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Opinion

How Companies Can Successfully Share Their Stories With a New Congress

Over the past year, America watched high-profile tech executives representing some of the largest brand name companies sweat under the hot spotlight of Congress facing questions about their business practices. This is the industry du jour in what has long been a cycle of corporate scandals. But with a new House Democratic majority at the helm ready to make its mark, companies from all industries should be looking towards building their brands and generating the public goodwill that can help them with a changing Washington.

More than 100 new members of Congress were just sworn into office. Even though they are still learning the ropes, many junior lawmakers are now seeking to play at the national level. Now is the time for the business community to quickly adapt to these changes and create a positive dialogue. So how will executives tell the story of their company beyond touting job creation numbers and emphasizing economic impacts in a way that leaves a lasting positive impression with elected officials?

In order to stand out, companies must make it a priority to showcase their behavior as good corporate citizens at home, across the country and around the world. Proudly describing this narrative when making a first impression could make a real difference between having constructive meetings behind closed doors with lawmakers or ending up on the short list of companies that could be called to testify before a congressional oversight committee.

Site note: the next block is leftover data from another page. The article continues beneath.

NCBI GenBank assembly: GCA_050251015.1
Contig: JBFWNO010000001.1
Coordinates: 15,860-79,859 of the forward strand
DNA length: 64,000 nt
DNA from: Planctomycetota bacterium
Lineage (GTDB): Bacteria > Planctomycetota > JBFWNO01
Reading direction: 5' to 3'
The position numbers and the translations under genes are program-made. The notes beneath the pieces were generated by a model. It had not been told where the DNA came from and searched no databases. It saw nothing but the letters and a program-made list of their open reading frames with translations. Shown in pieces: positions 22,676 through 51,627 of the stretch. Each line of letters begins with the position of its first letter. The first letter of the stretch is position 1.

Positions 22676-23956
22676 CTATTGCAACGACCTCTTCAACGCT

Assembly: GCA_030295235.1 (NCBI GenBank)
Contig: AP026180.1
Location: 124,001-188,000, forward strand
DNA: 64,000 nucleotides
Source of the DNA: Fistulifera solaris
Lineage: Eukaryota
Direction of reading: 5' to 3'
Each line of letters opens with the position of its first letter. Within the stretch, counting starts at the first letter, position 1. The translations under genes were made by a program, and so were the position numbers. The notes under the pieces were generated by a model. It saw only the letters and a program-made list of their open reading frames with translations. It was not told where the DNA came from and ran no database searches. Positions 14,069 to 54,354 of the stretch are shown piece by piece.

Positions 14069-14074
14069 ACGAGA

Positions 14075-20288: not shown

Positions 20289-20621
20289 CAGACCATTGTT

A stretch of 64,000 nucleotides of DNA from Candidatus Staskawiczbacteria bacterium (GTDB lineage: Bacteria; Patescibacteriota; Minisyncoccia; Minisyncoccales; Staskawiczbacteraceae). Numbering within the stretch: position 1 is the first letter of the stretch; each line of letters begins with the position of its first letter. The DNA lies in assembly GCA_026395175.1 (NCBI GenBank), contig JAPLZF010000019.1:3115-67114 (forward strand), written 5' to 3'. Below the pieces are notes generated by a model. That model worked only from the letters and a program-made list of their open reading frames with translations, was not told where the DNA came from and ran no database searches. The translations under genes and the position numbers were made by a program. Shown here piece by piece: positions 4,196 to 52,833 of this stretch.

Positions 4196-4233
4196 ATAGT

For example, LinkedIn assists job seekers who are refugees or formerly incarcerated find employment; Gap Inc. has improved the livelihoods of millions of its female garment workers throughout its global supply chain and Patagonia just this past election cycle spearheaded a massive get-out-the-vote project. Efforts such as these positively impact the public perception of a company and show lawmakers how they are tackling the problems of society.

Companies need not go it alone in creating positive results. By simply lending their name to a group effort, a brand can take a position and make a difference without expending time or resources.

Consider last year’s multi-brand/NGO pressure on Cambodian President Hun Sen to roll back restrictions on freedom of association and free-labor activist Tola Moeun. The joint effort, which included the American Apparel and Footwear Association, along with companies like VF Corporation, called for labor reforms and a return to the country’s previous freedom of association. Their campaign resulted in the freeing of a major labor activist, notably at a time when U.S. pressure on Cambodia had largely waned in the face of Chinese investment.  It surely caught the eye of legislators from both sides of the aisle who petitioned the UN on Cambodian activists’ behalf.

In this new Congress, those businesses that choose to tell their narrative on a holistic level will be more successful at achieving their policy goals or potentially preventing negative attention. The ones that are slow or refuse to adapt to the changing political environment around them could find themselves in greater jeopardy with lawmakers looking to please voters that just elected them to change Washington.

 

Ron Bonjean is a public affairs and crisis management expert who has served as the lead spokesman for both the House and the Senate, as well as the communications strategist for Supreme Court nominee Judge Neil Gorsuch. Lindsay Singleton is a communications strategist and CSR expert with over a decade of international government and private sector experience. Both are top executives at D.C.-based public affairs firm, ROKK Solutions.  

Morning Consult welcomes op-ed submissions on policy, politics and business strategy in our coverage areas. Updated submission guidelines can be found here.